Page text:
Jensen, G.F. (2001). The invention of television as a cause of homicide: The reification of a spurious relationship. Homicide Studies: An Interdisciplinary and International Journal, 5 (2), 114-130.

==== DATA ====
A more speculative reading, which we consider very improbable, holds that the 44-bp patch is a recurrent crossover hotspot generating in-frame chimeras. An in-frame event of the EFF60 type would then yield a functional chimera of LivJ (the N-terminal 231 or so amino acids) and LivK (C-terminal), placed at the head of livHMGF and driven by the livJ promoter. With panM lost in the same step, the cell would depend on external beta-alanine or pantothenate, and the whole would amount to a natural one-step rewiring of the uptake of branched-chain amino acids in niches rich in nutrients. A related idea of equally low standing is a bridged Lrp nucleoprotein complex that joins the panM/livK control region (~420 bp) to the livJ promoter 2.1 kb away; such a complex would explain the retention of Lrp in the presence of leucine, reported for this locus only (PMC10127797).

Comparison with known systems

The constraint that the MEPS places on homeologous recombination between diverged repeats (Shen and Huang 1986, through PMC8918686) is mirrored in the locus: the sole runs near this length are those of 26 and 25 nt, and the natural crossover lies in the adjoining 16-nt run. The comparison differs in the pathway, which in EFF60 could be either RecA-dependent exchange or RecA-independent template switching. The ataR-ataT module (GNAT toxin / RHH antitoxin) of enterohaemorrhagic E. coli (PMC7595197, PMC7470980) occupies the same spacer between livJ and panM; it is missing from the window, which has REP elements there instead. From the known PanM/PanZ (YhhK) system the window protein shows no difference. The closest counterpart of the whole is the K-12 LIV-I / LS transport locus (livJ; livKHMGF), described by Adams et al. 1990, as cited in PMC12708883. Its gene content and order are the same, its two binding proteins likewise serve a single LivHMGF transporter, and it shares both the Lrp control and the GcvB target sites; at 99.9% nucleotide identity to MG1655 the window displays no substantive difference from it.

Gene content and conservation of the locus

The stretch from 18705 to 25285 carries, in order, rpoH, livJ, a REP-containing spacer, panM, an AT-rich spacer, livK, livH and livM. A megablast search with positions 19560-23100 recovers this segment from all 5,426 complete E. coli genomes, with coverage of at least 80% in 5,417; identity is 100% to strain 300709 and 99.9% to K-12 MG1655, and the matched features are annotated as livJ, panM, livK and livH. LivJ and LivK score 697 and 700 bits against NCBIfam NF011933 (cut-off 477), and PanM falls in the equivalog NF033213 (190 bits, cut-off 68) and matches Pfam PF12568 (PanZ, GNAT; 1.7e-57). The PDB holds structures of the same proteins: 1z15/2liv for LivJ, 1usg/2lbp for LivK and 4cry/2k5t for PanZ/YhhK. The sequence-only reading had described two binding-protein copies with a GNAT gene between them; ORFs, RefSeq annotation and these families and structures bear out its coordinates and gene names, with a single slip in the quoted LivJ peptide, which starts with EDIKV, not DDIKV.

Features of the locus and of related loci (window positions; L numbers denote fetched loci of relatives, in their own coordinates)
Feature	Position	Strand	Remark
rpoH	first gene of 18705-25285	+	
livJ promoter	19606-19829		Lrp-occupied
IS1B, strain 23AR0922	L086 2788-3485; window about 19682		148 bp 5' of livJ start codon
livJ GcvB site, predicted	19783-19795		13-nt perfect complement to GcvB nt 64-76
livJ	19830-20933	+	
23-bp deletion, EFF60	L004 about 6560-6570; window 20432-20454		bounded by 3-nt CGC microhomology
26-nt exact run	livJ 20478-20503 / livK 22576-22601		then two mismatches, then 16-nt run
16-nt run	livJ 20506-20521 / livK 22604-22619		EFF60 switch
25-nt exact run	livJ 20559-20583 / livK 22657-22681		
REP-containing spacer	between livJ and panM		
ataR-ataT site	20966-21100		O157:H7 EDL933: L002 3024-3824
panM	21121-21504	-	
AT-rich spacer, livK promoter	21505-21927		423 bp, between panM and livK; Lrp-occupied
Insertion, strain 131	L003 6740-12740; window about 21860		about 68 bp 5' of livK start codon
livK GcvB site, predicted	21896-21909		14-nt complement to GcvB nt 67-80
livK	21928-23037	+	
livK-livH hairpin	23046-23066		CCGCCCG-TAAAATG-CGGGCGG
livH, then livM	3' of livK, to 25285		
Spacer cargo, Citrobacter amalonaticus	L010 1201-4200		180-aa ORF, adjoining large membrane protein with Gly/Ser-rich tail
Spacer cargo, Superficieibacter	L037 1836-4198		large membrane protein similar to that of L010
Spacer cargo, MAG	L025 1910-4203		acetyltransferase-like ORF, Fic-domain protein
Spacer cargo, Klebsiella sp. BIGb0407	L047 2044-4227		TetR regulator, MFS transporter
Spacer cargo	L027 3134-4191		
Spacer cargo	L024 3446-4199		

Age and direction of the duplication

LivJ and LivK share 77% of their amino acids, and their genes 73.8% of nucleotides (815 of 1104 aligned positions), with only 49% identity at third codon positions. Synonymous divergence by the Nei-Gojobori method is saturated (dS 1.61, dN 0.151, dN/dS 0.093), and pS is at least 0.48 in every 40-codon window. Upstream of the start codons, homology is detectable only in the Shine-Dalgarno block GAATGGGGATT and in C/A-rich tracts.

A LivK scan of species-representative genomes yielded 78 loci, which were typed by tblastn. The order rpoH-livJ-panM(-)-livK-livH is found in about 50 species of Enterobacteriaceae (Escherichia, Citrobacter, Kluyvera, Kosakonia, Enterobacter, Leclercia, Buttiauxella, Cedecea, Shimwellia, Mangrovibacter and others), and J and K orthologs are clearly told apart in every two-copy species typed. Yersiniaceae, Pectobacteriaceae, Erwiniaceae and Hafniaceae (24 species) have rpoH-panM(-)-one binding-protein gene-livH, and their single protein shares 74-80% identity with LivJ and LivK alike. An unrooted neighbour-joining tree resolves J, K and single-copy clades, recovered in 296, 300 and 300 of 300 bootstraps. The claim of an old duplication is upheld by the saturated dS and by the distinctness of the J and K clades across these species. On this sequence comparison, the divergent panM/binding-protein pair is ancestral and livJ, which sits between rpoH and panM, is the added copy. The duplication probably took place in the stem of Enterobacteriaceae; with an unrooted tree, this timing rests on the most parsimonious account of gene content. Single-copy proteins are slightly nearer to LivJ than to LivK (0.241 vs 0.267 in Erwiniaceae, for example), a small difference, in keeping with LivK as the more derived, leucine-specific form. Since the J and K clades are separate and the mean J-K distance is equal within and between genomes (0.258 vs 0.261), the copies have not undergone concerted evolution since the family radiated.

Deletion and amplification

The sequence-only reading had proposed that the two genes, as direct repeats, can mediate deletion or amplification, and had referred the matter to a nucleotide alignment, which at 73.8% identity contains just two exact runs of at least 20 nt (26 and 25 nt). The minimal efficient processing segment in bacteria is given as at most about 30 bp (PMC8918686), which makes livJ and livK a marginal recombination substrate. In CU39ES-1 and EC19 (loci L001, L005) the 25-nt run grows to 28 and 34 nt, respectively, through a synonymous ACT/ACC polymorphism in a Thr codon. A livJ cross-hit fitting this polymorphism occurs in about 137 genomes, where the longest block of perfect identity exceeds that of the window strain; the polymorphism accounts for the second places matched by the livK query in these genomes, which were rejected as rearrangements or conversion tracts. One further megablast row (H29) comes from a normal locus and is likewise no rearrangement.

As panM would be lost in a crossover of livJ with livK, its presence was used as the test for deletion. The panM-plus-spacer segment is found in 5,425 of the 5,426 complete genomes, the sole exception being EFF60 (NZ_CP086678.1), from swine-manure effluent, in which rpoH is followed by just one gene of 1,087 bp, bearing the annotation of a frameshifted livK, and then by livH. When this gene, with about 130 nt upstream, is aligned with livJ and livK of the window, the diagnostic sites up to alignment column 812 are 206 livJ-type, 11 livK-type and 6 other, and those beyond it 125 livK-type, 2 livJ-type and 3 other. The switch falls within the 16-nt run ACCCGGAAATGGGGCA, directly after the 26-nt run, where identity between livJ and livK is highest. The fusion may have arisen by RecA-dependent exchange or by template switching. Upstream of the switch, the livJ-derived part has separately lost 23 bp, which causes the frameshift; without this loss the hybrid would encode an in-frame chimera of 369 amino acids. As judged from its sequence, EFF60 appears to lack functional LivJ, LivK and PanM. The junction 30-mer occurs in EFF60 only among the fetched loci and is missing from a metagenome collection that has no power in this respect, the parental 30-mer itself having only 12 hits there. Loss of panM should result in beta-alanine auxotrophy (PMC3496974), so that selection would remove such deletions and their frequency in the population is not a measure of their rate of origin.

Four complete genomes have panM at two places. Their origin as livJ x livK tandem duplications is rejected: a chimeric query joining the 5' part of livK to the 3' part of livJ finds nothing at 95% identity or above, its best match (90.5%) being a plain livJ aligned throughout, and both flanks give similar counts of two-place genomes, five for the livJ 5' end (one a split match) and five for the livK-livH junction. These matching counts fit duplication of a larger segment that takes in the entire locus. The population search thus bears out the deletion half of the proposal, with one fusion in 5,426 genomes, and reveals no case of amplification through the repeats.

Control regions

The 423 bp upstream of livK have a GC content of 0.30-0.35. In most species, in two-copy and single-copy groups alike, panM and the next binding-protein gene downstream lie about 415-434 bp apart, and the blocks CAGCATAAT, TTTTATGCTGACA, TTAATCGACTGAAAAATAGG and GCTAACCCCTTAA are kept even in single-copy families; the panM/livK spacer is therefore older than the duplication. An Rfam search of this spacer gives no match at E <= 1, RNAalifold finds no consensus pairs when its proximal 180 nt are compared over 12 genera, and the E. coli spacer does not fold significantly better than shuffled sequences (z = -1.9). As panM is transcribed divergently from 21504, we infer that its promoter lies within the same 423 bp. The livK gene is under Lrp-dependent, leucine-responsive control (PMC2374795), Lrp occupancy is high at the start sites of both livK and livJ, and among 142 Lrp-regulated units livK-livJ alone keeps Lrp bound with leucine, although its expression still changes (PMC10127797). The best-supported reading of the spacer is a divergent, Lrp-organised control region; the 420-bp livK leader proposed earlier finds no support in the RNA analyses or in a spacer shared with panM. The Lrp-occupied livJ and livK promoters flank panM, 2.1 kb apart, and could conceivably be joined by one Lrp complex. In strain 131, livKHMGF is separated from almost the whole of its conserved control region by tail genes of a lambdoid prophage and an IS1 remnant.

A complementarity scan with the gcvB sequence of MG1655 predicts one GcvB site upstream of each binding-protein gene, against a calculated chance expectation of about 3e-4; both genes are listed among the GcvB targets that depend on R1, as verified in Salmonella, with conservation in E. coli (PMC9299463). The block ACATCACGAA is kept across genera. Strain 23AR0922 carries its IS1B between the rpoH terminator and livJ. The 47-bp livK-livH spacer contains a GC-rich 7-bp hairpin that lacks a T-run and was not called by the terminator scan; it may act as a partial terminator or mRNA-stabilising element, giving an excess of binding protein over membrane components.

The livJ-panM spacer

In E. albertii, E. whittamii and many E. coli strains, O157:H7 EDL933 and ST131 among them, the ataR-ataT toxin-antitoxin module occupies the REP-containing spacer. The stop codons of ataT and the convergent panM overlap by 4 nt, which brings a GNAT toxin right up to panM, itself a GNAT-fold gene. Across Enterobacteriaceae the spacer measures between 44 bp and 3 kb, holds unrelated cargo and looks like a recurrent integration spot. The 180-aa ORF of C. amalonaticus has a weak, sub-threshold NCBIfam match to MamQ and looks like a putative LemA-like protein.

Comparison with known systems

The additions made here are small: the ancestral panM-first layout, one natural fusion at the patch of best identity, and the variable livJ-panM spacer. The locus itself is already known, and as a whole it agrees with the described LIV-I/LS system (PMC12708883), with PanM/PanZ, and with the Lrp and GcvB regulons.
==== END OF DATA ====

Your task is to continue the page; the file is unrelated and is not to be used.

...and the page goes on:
Abstract: Analyzed the relationship between violence, homicide rates and TV. A study cited by medical associations as a guide for warning parents about the pernicious effects of TV is B. Centerwall’s (1992) analysis of the effect of the invention and distribution of TV on homicide rates. Centerwall claims that the introduction of TV substantially increased homicide rates in the US and Canada and that they remained relatively stable in South Africa until the ban on TV was lifted. The current author reports the results of a multivariate time-series analysis testing the alternative hypothesis that relationships involving primary groups are more important for understanding variations in homicide over time than the spread of TV in a society. This hypothesis is supported in all 3 societies, with the significant positive effect of TV reduced to insignificance after incorporating marriage-divorce ratios, divorce rates, and other variables. These findings are seen to constitute a serious challenge to Centerwall’s thesis, but continue to support traditional sociological perspectives. (PsycINFO Database Record (c) 2004 APA, all rights reserved